Deadlines: Check your school’s academic calendar to find out the different deadlines for withdrawing from classes. These dates will tell you the last day to withdraw and still receive a portion of tuition back, the last day to withdraw without academic penalty and the last day to withdraw passing.
Financial Aid: Before you drop a class, consider how many credit hours you are taking. You must be a full-time student to receive financial aid and if at any time during the semester you drop below the required amount of hours, you may have to pay that money back.
Grades: If you miss the right deadline to drop a class, you will receive an automatic F. If the reason you are dropping is because of your current grade, consider if there is anything you can do to bring it up. Failing a class can bring your GPA way down and if there is a way to avoid this, take it!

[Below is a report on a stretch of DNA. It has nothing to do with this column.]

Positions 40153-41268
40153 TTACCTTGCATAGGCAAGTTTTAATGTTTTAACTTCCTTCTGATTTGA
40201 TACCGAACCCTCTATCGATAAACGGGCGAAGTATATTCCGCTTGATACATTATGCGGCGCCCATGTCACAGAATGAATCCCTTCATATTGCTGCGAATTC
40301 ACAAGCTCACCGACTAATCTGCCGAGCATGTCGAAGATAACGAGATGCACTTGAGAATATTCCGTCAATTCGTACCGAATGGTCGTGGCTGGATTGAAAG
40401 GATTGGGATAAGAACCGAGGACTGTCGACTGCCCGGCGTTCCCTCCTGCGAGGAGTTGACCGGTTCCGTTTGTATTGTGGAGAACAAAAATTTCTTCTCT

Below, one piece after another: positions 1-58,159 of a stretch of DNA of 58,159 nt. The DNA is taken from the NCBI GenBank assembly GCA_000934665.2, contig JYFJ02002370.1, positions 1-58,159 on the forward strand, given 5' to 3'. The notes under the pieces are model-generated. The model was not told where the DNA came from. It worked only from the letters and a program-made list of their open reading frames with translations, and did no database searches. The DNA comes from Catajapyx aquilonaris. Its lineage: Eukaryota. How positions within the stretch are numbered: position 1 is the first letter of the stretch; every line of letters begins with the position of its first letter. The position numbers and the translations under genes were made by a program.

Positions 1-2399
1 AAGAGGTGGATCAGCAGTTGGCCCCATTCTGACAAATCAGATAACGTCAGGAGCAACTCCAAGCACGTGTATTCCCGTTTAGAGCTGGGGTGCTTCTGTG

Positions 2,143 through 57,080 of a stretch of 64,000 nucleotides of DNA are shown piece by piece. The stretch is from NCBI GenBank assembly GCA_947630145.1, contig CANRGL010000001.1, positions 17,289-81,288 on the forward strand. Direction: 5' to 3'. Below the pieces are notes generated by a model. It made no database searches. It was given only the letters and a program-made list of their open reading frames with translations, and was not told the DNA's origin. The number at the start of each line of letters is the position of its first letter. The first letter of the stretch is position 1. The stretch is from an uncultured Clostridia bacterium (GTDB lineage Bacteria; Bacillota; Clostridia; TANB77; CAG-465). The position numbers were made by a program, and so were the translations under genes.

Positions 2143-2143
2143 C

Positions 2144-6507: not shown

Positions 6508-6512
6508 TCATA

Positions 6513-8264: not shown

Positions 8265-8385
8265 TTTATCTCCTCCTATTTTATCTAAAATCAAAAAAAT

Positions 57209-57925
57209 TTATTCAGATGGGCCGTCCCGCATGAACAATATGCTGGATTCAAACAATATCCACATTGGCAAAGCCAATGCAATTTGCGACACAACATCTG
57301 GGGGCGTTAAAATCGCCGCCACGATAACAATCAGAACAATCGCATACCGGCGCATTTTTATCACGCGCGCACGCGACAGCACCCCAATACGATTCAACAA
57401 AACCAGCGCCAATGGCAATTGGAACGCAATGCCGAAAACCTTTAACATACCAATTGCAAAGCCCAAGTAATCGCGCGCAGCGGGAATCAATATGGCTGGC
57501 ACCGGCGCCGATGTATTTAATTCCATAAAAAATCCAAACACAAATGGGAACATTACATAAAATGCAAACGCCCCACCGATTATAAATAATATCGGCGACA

Classes: To Drop or To Keep?

April 3, 2013
by Chelsea Slaughter
The academic year is winding down – before you know it, it will be finals week and time for semester grades! – and this is a critical time to decide if you want to drop a class or stick it out to

We all know that school is hard sometimes but life after graduation can be much harder if you do not do what’s necessary to stand apart from the crowd. When graduating high school and entering college, you will find many opportunities to enter academic and social organizations, most of which will require application processes that ask about your involvement and leadership skills. Realizing you don’t have much on your resume? No worries: You still have time.

Building a Resume While in School

March 27, 2013
by Chelsea Slaughter
We all know that school is hard sometimes but life after graduation can be much harder if you do not do what’s necessary to stand apart from the crowd. When graduating high school and entering